In the case of I.G. Farben, defend­ant direct­ors at Farben were accused of human rights abuses through the firm. In partic­u­lar, Count III against the Farben defend­ants alleged,

[T]he accused, indi­vidu­ally, collect­ively, and through the instru­ment­al­ity of Farben, with the commis­sion of War Crimes and Crimes against Human­ity . . . parti­cip­ated in the enslave­ment and deport­a­tion to slave [labor] of the civil­ian popu­la­tion of territ­ory under the belli­ger­ent occu­pa­tion or other­wise controlled by Germany; the enslave­ment of concen­tra­tion camp inmates, includ­ing Germans; and the use of pris­on­ers of war in war oper­a­tions and work having a direct rela­tion to war oper­a­tions.

Farben had privately owned parts of the Auschwitz concen­tra­tion camp known as Monow­itz or Auschwitz III. At Monow­itz, “IG [Farben] took over respons­ib­il­ity for food and health care—a distinc­tion of singu­lar irrel­ev­ance to most pris­on­ers because the provi­sion of both was as crim­in­ally inad­equate as anything supplied by the [Nazi] state.”

In the end, in the Farben Tribunal at Nurem­berg, “[Farben exec­ut­ive Carl] Krauch and four others of the accused were found guilty of the charges alleging the employ­ment of pris­on­ers of war, forced [labor] and concen­tra­tion camp inmates in illegal work and under inhu­man condi­tions.” Exec­ut­ives who were convicted got prison sentences ranging from eight years to eight­een months. After the tribunal had rendered its final decision, Judge Hebert wrote his dissent and sent it to be included in the trial record. Among other conclu­sions, Judge Hebert stated: “Util­iz­a­tion of slave labor in Farben was approved as a matter of corpor­ate policy. To permit the corpor­ate instru­ment­al­ity to be used as a cloak to insu­late the prin­cipal corpor­ate officers who author­ized this course of action is, in my opin­ion, without any sound preced­ent under the most element­ary concepts of crim­inal law.”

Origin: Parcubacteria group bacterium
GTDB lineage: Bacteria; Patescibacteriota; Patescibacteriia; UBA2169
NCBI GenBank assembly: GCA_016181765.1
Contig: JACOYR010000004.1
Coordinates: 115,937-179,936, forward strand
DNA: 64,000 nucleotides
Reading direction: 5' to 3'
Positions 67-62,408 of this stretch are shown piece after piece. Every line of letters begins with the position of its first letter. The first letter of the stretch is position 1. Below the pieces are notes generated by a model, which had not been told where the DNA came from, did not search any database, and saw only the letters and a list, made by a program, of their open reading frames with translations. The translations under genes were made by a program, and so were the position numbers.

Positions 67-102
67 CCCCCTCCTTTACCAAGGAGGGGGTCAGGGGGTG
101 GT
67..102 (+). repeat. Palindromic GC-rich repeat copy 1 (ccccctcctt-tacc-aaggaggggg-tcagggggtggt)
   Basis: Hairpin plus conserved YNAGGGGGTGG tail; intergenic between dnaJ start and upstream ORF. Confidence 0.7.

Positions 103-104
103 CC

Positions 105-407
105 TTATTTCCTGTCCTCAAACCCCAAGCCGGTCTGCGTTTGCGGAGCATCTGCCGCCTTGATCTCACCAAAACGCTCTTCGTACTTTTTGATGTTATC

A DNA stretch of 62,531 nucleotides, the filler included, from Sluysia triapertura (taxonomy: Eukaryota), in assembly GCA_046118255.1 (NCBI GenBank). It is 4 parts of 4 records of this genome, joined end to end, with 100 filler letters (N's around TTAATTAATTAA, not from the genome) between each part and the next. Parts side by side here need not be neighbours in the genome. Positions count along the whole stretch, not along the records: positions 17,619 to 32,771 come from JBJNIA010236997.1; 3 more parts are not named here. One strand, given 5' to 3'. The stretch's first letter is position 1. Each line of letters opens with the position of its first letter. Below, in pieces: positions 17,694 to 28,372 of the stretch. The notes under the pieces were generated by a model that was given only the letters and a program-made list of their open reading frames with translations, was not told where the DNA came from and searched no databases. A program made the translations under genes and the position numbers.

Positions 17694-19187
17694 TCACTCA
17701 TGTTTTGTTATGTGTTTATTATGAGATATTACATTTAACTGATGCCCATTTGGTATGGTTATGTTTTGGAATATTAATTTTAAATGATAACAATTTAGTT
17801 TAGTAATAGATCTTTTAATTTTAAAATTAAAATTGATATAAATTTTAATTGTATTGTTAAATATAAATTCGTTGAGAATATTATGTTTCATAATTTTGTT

Justice Soto­mayor writ­ing for the dissent­ers recog­nized the lesson from I.G. Farben that:

In fact, care­ful review of states’ collect­ive and indi­vidual enforce­ment efforts makes clear that corpor­a­tions are subject to certain oblig­a­tions under inter­na­tional law. For instance, the United States Milit­ary Tribunal that prosec­uted several corpor­ate exec­ut­ives of IG Farben declared that corpor­a­tions could viol­ate inter­na­tional law.

But in the hands of Justice Kennedy, this World War II history is trans­formed into a reason to not hold corpor­a­tions respons­ible for human rights abuses. As he wrote:

The Charter for the Nurem­berg Tribunal, created by the Allies after World War II, provided that the Tribunal had juris­dic­tion over natural persons only. Later, a United States Milit­ary Tribunal prosec­uted 24 exec­ut­ives of the German corpor­a­tion IG Farben. Among other crimes, Farben’s employ­ees had oper­ated a slave-labor camp at Auschwitz and “know­ingly and inten­tion­ally manu­fac­tured and provided” the poison gas used in the Nazi death cham­bers. Although the Milit­ary Tribunal “used the term ‘Farben’ as descript­ive of the instru­ment­al­ity of cohe­sion in the name of which” the crimes were commit­ted, the Tribunal noted that “corpor­a­tions act through indi­vidu­als.” Farben itself was not held liable.

The dissent­ing Justices Soto­mayor, Kagan, Breyer and Gins­burg, were alarmed at the result that the major­ity reached in Jesner v. Arab Bank. For example, Justice Soto­mayor concluded that “the text, history, and purpose of the ATS plainly support the conclu­sion that corpor­a­tions may be held liable.”

One saving grace the Jesner decision is that the hold­ing — though a big step back­wards in the fight for human rights — is limited to foreign corpor­a­tions.

The views expressed are the author’s own and not neces­sar­ily those of the Bren­nan Center for Justice.